Increasing global demand for oil, says NCEP, “will be accompanied by higher oil prices and the potential for more serious and frequent supply disruptions.” (p. 1) This is another non sequitur, since it is never shown demand will outstrip supply or that slowing the rate of growth in U.S. demand would make the U.S. economy less vulnerable. Many experts, including Douglas Bohi and Michael Toman of Resources for the Future (1996) and the Congressional Research Service (1997), say it would not.
Slowing U.S. demand for oil is likely to make the country more, rather than less, reliant on imports because oil production costs are higher in the U.S. than in other parts of the world. If prices fall, less oil would be produced domestically and more oil would be imported.
Why Raise CAFE?
The commission calls for “a significant strengthening of new vehicle fuel economy standards … based upon a variety of studies of technology potential and cost-effectiveness completed since 2000.” (p. 10) The studies cited somehow do not include any that show how raising Corporate Average Fuel Economy (CAFE) standards imposes social costs several times the value of fuel saved, even when such dubious “externalities” such as global warming and higher defense spending are counted.
In a 2003 Journal of Economic Perspectives essay, Paul Portney and colleagues concluded “that tightening CAFE could significantly reduce social welfare overall.” A 2002 CBO report found that “CAFE standards do not directly encourage either producers or consumers to decrease gasoline use, so they do not offer the flexibility or the incentives for gasoline reductions to occur at the lowest possible cost.”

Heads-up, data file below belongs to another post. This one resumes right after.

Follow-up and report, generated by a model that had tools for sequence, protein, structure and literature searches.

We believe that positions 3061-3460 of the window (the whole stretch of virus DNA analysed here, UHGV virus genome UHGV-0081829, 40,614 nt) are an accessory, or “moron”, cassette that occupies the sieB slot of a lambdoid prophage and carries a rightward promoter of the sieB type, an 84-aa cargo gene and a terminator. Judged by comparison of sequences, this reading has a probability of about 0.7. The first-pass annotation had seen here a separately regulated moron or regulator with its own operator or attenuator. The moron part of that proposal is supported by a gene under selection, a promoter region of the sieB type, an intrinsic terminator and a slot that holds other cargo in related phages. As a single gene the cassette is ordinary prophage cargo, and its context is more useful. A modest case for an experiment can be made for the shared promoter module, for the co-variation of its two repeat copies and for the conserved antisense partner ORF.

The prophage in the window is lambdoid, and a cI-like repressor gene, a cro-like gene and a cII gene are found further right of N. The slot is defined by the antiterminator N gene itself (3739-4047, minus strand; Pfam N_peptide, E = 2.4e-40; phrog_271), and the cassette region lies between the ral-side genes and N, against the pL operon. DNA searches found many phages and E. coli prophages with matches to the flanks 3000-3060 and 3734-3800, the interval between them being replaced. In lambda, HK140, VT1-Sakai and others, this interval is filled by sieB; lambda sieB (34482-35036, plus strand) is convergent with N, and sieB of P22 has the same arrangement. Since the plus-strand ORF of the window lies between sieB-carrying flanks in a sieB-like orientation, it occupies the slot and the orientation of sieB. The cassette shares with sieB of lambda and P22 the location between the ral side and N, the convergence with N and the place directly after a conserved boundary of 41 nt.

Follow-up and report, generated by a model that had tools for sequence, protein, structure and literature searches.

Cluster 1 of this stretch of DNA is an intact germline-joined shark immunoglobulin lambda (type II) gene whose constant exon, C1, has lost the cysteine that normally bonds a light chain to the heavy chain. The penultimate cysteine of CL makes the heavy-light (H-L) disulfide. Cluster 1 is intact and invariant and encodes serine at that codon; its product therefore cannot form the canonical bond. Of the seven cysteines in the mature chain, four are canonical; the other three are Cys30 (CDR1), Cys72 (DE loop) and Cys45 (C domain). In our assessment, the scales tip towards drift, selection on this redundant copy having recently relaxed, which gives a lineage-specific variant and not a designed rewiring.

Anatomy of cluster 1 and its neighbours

The CBO study also called the flaws in CAFE “intrinsic to any policy that regulates fuel economy instead of providing a direct incentive to reduce gasoline consumption.” The study was requested by Sen. Jim Jeffords of Vermont.
The commission claims “passenger vehicle and heavy-truck fuel economy improvements offer the potential to reduce U.S. oil consumption by 10-15 percent or 3-5 MBD oil by 2025.” (p. 2) That is unlikely, given the experience with CAFE so far.
Better mileage lowers the cost of traveling, resulting in a “rebound effect” that cancels out between one-quarter and one-half of the theoretical gains. Higher CAFE standards lead to longer retention of older and less fuel-efficient (but generally bigger, more powerful, and/or safer) cars and trucks, canceling out even more of the gains. High-tech substitutes for steel, used to lighten cars and trucks without surrendering safety, consume more energy to create, offsetting still more of the savings. And in the past, consumers chose different kinds of vehicles (SUVs and light trucks) to evade CAFE standards on passenger vehicles.